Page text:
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In 1983, while resolving the case of T.V. Vatheeswaran v State of Tamil Nadu, the Indian Supreme Court was first drawn to the issue of prisoners' rights. The court ruled that inmates have the same basic fundamental rights as freemen under Part III of the Indian Constitution's "Articles 14, 19, and 21." The court went on to say that prison walls can't keep fundamental rights out.

While deciding numerous cases, (the cases are discussed below) the Indian Supreme Court expanded the reach of Article 21 of the Constitution: Right to Life and Liberty to cover many other rights for the protection of prisoners while they were in detention.

The following are the rights granted to prisoners under Article 21:

· The right against custodial torture and death in police cells.

· The right against cruel and unusual punishment.

· The right to free legal aid.

· The right to a fair trial.

· The right to a speedy trial.

· The rights of inmates of protective homes.


Rudal Shah v. State of Bihar

Under Article 32 of the Constitution, a case of public interest litigation was filed in the Supreme Court. The petition demanded Rudal Shah's release and compensation for his wrongful arrest. Rudal Shah was arrested for the death of his wife in 1953. In 1968, he was cleared of the charges. Even after his acquittal, he remained in prison for another 14 years. The court ordered the state to compensate the petitioner with 30,000 rupees.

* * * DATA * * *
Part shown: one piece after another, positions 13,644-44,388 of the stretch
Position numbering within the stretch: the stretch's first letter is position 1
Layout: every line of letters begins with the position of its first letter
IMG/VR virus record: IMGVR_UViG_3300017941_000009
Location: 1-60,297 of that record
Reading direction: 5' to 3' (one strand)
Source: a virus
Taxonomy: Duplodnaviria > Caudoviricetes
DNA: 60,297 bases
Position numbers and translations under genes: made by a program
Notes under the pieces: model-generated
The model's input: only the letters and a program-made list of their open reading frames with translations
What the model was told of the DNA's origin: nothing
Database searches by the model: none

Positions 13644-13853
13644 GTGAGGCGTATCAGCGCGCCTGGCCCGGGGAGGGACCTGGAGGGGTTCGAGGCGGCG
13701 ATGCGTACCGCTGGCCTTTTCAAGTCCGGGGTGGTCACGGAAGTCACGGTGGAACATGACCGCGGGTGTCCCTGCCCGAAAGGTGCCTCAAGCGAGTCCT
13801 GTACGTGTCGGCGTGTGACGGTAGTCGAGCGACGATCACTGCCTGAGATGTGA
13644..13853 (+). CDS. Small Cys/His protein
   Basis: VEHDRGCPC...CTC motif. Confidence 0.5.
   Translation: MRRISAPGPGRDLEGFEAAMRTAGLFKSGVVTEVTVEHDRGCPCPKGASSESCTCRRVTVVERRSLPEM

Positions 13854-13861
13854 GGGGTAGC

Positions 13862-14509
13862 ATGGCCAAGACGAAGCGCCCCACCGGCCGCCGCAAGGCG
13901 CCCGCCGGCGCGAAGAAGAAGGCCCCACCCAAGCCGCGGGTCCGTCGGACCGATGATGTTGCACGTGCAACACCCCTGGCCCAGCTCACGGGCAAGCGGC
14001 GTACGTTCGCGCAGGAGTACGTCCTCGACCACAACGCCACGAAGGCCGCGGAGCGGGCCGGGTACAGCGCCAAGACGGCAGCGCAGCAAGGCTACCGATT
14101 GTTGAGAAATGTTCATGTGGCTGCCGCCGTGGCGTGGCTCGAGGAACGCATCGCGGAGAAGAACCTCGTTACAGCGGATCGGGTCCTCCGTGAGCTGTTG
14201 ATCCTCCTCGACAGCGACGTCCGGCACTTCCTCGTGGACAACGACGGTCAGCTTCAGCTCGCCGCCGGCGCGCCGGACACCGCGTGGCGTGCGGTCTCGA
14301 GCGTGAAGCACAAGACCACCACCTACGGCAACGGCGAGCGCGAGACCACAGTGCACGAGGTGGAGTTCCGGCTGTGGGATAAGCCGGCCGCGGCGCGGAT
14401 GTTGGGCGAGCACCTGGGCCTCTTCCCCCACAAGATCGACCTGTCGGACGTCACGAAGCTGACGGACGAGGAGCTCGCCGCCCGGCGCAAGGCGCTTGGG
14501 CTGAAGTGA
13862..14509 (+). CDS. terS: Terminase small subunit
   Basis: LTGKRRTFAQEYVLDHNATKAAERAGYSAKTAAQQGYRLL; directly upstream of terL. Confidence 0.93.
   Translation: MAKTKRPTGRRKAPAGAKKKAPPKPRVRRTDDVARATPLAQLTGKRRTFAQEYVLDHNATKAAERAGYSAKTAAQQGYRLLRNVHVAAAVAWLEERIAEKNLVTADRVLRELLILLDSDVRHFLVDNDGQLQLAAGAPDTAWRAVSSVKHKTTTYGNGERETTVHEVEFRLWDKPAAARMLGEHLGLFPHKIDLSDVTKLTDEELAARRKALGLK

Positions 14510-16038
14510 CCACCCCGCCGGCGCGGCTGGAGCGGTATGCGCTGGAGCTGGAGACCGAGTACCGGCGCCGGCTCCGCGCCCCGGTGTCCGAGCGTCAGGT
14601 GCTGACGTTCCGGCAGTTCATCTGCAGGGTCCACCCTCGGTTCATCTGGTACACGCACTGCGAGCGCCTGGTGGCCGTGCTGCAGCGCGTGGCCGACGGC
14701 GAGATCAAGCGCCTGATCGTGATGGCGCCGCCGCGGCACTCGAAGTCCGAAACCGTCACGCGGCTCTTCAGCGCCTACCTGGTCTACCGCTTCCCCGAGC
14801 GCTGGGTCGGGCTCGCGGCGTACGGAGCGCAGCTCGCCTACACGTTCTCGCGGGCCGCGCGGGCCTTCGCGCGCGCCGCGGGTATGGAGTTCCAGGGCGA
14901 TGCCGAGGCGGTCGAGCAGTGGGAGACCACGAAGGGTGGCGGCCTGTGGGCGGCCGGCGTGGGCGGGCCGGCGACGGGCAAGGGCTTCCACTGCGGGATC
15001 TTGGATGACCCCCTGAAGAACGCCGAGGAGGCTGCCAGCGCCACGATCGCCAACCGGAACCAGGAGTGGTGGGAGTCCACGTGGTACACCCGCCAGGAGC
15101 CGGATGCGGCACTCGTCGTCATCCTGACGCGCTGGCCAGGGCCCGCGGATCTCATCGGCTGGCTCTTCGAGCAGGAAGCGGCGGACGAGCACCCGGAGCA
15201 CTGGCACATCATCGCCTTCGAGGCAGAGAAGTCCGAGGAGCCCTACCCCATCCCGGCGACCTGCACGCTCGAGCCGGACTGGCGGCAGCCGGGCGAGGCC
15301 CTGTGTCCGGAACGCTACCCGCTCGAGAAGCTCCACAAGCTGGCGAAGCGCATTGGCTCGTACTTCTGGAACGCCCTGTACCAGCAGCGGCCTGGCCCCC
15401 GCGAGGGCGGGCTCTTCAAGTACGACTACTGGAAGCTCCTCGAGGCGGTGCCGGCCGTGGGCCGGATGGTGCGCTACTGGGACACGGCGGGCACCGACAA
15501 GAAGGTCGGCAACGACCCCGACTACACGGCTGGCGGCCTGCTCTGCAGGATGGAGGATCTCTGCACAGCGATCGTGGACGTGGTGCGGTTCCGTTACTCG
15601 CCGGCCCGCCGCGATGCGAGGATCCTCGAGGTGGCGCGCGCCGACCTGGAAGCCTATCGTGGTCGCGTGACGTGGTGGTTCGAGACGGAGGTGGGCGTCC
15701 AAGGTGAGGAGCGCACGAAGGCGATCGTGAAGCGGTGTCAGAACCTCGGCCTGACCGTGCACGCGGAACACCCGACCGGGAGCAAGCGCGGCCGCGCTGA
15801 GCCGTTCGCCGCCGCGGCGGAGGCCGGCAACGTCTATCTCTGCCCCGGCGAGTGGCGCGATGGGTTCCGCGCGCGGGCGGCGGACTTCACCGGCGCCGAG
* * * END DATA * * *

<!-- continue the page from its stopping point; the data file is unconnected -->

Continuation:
Saheli v. Commissioner of Police

Naresh, a nine-year-old child, was beaten to death in this case. The state was ruled responsible for the child's death, which occurred as a result of custodial violence and beating. In this case, the court ordered the state to give the boy's mother 75,000 rupees in compensation.

Nilabeti Behera v. State of Orissa

The issue concerns the death in custody of the petitioner's son, Suman Behera. During his detention, the individual received injuries that culminated in his death, and he was then dumped along a railway track. This is also regarded as a case of fundamental rights violation. The Supreme Court ordered the state to compensate the petitioner in the amount of Rs.1,50,000.

In the case of Nilabati Behera v. State of Orrisa (1993) the Court stated any form of inhumane, cruel, hurtful or torturous treatment all fall under the ambit of Article 21, be it at the time of investigation, interrogation or in any way of police custody. In fact, the guaranteed right of Article 21 cannot be taken away from prisoners in custody, convicts, undertrials or the person detained. D.K. Basu v. State of West Bengal (AIR 1997 SC 610) relies on the decision of Nilabati case and in its decision, court gave a list of 12 certain guidelines, these guidelines are:

I. Police officers who carry out the arrest and handle the arrestee's interrogation shall wear correct, conspicuous, and legible identification as well as name togs with their designations. All police officials who handle the arrestee's interrogation must have their information entered in a register.

II. At the time of the arrest, the police officer carrying out the arrest shall create a memo of arrest, which shall be attested by at least one witness, who may be a member of the arrestee's family or a respected person from the region where the arrest is made. It must be countersigned by the arrestee and include the time and date of the arrest.